Amid the business attire, networking and note-taking that marked the Catholic Medical Association’s 77th annual Educational Conference, Patrick Thomeny stood out.
The 45-year-old anesthesiologist from Oldsmar, Fla., sat in the rear of a ballroom at the Baltimore Hyatt Regency, a shirt-sleeved arm around his wife, Nelly. The couple became grandparents on Sept. 19, but here, they formed a cocoon around their youngest child.
Joshua Peter Thomeny was born Aug. 17. He has nine brothers and sisters, but as Ms. Thomeny said, she also carried her “four little souls in heaven.”
The Thomenys have made several January trips to Washington, D.C. for the March For Life. He is attending at least his third conference conducted by the CMA, whose mission statement is “Upholding the principles of the Catholic faith in the science and practice of medicine.”
“It’s great to gather with other Catholic physicians and renew our commitment to Christ,” Dr. Thomeny said. “You learn, and gain inspiration from some wonderful speakers.”
Attendees gave a standing ovation to the Oct. 9 keynote address by George Weigel, who by his own account gave a “sketchy” overview of the conference’s theme, the “Theology of the Body,” the teachings of Pope John Paul II.
Dr. John F. Brehany, the executive director of the CMA, which draws members from the U.S. and Canada, said that approximately 320 registered for the conference.
Dr. George Isajiw, of Upper Darby, Pa., CMA president from 1992-93, said that its rolls plummeted after Pope Paul VI put forth Humanae Vitae in 1968. Now, however, membership is booming thanks to younger health care professionals like Dr. Thomeny.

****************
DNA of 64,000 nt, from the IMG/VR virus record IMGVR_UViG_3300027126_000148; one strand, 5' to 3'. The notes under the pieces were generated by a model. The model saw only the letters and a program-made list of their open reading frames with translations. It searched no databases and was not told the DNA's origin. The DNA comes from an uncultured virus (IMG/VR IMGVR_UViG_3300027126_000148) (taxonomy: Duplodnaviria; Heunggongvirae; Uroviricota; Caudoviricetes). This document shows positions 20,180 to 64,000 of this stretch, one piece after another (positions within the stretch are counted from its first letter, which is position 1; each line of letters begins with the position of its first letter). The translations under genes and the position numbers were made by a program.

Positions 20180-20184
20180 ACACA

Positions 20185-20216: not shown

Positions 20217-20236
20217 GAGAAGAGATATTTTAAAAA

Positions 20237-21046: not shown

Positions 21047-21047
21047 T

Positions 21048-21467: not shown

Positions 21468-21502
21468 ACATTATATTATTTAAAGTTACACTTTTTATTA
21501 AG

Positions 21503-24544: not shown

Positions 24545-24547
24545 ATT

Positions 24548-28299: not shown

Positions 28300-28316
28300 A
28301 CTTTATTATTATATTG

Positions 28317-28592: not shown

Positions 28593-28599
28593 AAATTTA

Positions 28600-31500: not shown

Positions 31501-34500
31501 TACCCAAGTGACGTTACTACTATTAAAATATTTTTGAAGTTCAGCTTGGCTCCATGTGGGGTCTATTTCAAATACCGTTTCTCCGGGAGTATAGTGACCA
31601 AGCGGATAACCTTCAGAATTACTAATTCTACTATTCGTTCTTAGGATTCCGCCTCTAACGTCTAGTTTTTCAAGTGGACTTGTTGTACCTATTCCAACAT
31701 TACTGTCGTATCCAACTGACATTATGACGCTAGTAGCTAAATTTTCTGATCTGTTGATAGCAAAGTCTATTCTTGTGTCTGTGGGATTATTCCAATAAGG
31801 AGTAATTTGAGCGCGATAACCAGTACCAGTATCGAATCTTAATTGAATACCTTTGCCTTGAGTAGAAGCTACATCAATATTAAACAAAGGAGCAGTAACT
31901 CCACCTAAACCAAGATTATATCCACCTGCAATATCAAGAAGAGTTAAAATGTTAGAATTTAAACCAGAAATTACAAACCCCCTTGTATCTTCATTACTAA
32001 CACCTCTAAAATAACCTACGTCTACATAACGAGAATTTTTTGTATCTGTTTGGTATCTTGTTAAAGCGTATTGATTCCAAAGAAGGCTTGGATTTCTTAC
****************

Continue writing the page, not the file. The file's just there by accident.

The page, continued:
“When the (CMA) board voted to support Humanae Vitae, we lost more than 50 percent of our members,” Dr. Isajiw said. “The organization dropped down to just several hundred, but we’ve seen great growth in the last 10-15 years.
“We’re getting an influx of younger members, men and women who are just starting their practice. Many are joining because of issues related to contraception, natural family planning.”
The Thomenys could be a poster family for the CMA.
A native of Louisiana, Patrick was visiting a friend in Chile when he met Nelly. Married in 1985, their 10 children range from newborn Joshua to Natalie, 21, who made them grandparents last month.
Joseph Francis, their 5-year-old, was baptized in Augusta, Ga., – by a newly-ordained friend.
“We were blessed 12 years ago, Ms. Thomeny said, of a trip she and her husband took to Rome – along with Claire, now 12, then in utero. “I was pregnant with Claire when he (the pope) was passing by. The Holy Spirit guided us to the right place, to touch his hand.”
Their 9-year-old’s name?
“Needless to say,” Dr. Thomeny said, “I like the theme of this year’s conference, the Theology of the Body.”
Mr. Weigel, the Distinguished Senior Fellow of the Ethics and Public Policy Center in Washington, D.C., is also the late Pope John Paul II’s biographer. Alluding to attacks on the sanctity of marriage and promotion of promiscuity, he made a call to promote the pope’s teachings.
“Many of us have the courage of our convictions,” Mr. Weigel said during a question and answer session. “Now, we have a way to explain it to people who say, if it itches, scratch it.”
Mr. Weigel is a Baltimore native, like CMA president-elect Dr. Louis C. Breschi, a semi-retired urologist who is a long-time parishioner at Immaculate Conception in Towson.
In addition to Theology of the Body, Dr. Breschi made issues of conscience a priority of the conference. On the morning of Oct. 9, Dr. Brehany was among the panelists addressing “Conscience and Modern Medicine: What are the Challenges in Serving Patients?”
A nearby lobby included informational booths, including ones manned by the Maryland Catholic Conference and the Archdiocese of Baltimore’s Respect Life office.
The CMA conference was to conclude Oct. 11, with Archbishop Edwin F. O’Brien celebrating a 5:30 p.m. White Mass for health care professionals at the Basilica of the National Shrine of the Assumption of the Blessed Virgin Mary.